There was a speaker who was called upon to address a group of young people. As a prop, he pulled out a wide-mouth gallon jar and placed it next to a pile of fist-sized rocks, another pile of gravel, a jar of sand, and a glass of water.


“Who believes I can get all of this into this one gallon jar?” The question evoked some chuckling. No one raised their hand.


After filling the jar to the top with rocks, he asked, "Is the jar full?"

The group replied, "Yes."


He then took the pile of gravel and began to pour it in. He jiggled the jar until the gravel filled the spaces between the rocks.


Again, he asked, "Is the jar full?"


By now, the group cautiously replied, "Probably not."


The speaker then added the sand and asked, "Is the jar full?"


"No!" shouted the group.


Finally, the speaker filled the jar to the brim with water and asked the group the point of this illustration.


Someone replied that you could always fit more things into your life if "you really work at it."

"No," countered the speaker. The point is, if that if you don't put the big rocks in first, you’ll never get any of them in.


What are the big rocks in your life? I’d like to suggest a few for your consideration:


1. Do not neglect the rock of FAITH:


a. Have faith in the power of TRUTH – and by that, I suggest to you, ultimate truth, a higher power, God if you will.


b. Have faith in the power of TENACITY. Keep on keeping on. Don’t give up. Persist and insist on a successful outcome and work toward it.



c. Have faith in the power of TENURE – By that I mean, time invested and time passed. Be patient with temporary setbacks and inconveniences.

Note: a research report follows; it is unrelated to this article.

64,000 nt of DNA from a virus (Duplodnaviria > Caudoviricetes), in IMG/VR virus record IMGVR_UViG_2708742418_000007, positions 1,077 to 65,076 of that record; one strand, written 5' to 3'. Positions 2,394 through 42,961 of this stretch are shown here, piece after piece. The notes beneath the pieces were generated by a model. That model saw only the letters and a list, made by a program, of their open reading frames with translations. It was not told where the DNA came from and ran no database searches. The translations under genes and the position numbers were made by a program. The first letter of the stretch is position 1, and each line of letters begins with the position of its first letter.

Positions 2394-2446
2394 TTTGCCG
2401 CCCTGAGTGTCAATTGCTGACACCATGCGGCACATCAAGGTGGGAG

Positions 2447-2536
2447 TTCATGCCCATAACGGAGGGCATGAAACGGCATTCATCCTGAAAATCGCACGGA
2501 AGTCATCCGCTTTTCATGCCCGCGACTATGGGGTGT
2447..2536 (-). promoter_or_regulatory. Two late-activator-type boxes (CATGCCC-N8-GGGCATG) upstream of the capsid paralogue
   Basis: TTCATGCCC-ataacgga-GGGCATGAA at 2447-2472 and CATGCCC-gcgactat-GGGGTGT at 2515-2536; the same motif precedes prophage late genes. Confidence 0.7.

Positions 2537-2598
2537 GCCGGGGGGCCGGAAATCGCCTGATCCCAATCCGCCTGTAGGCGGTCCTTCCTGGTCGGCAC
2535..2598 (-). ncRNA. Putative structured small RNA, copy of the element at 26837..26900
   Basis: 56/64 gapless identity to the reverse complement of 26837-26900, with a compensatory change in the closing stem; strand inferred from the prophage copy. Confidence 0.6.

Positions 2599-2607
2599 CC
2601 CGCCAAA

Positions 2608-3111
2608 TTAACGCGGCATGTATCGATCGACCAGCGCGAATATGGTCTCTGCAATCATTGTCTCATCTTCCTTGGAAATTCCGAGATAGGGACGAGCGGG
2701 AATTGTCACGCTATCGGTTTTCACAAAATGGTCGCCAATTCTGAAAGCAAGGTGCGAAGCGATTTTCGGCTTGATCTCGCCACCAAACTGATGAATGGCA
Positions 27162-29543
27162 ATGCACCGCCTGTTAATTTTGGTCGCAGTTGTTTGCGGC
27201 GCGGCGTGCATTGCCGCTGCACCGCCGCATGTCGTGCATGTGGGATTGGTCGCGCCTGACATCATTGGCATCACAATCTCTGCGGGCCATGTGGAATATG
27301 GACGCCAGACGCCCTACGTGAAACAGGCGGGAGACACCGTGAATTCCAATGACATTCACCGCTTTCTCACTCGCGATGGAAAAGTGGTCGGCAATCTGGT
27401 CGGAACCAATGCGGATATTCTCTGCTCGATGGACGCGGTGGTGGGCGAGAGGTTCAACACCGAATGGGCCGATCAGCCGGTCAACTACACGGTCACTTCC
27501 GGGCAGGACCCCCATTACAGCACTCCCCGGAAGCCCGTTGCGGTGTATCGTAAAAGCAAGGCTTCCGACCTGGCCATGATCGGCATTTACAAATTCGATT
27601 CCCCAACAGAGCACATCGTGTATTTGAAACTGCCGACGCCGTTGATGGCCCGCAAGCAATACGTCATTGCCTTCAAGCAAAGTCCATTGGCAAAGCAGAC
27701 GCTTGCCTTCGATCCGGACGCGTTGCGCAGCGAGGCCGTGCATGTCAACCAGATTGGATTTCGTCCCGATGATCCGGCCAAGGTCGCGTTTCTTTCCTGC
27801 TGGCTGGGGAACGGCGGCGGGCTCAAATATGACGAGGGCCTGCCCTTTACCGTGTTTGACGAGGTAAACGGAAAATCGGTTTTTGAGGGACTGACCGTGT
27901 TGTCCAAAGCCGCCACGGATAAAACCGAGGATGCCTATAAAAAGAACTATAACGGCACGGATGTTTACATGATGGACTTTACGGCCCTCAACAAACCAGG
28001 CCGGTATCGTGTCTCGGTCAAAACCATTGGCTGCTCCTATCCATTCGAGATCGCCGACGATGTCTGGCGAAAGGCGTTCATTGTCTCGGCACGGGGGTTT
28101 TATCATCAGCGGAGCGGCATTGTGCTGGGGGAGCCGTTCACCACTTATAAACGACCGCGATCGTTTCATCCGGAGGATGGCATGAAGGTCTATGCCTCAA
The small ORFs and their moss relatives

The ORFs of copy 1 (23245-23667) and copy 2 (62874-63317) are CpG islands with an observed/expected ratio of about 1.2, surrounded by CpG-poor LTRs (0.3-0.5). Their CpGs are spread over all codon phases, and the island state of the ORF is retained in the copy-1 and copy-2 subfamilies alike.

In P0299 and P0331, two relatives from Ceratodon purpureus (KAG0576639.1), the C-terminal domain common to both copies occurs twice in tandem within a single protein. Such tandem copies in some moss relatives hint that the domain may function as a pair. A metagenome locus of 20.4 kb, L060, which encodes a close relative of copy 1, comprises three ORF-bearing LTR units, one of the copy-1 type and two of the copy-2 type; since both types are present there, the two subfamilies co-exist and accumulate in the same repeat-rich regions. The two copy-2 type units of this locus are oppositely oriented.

d. Have faith in the power of TEAMWORK. Work together. TEAM stands for – Together Everyone Accomplishes More!


 "Gettin' good players is easy. Gettin' 'em to play together is the hard part." - Casey Stengel 


"The strength of the team is each individual member...the strength of each member is the team."- Coach Phil Jackson Chicago Bulls  


"Men have never been individually self-sufficient." - Reinhold Niebuhr


" All winning teams are goal-oriented. Teams like these win consistently because everyone connected with them concentrates on specific objectives. They go about their business with blinders on; nothing will distract them from achieving their aims. " - Lou Holtz 


``Now is the Law of the Jungle---as old and true as the sky;

And the wolf that shall keep it may prosper, but the wolf that shall break it must die.

As the creeper that girdles the tree-trunk, the Law runneth forward and back---

For the strength of the pack is the wolf, and the strength of the wolf is the pack.''
- Rudyard Kipling


2. Do not neglect the rock of FAMILY: You are here because you believe in family and have committed yourself to strengthening families. You have been sharpening your skills for that purpose. You are already heroes and deserve praise. Now, do not neglect your own family.


a. If you do not have a warm family, CREATE it! Gather folks around you with whom you can be accountable, authentic, and supportive. If your family is dysfunctional, you will also be in creative mode by setting and observing strong boundaries and creating a safe zone of functionality around yourself. When Rich Mullins, the song writer and leader of the Ragamuffin Band died, there was a traveling funeral that moved from city to city, mostly on university campuses because it was said that Rich created communities wherever he went.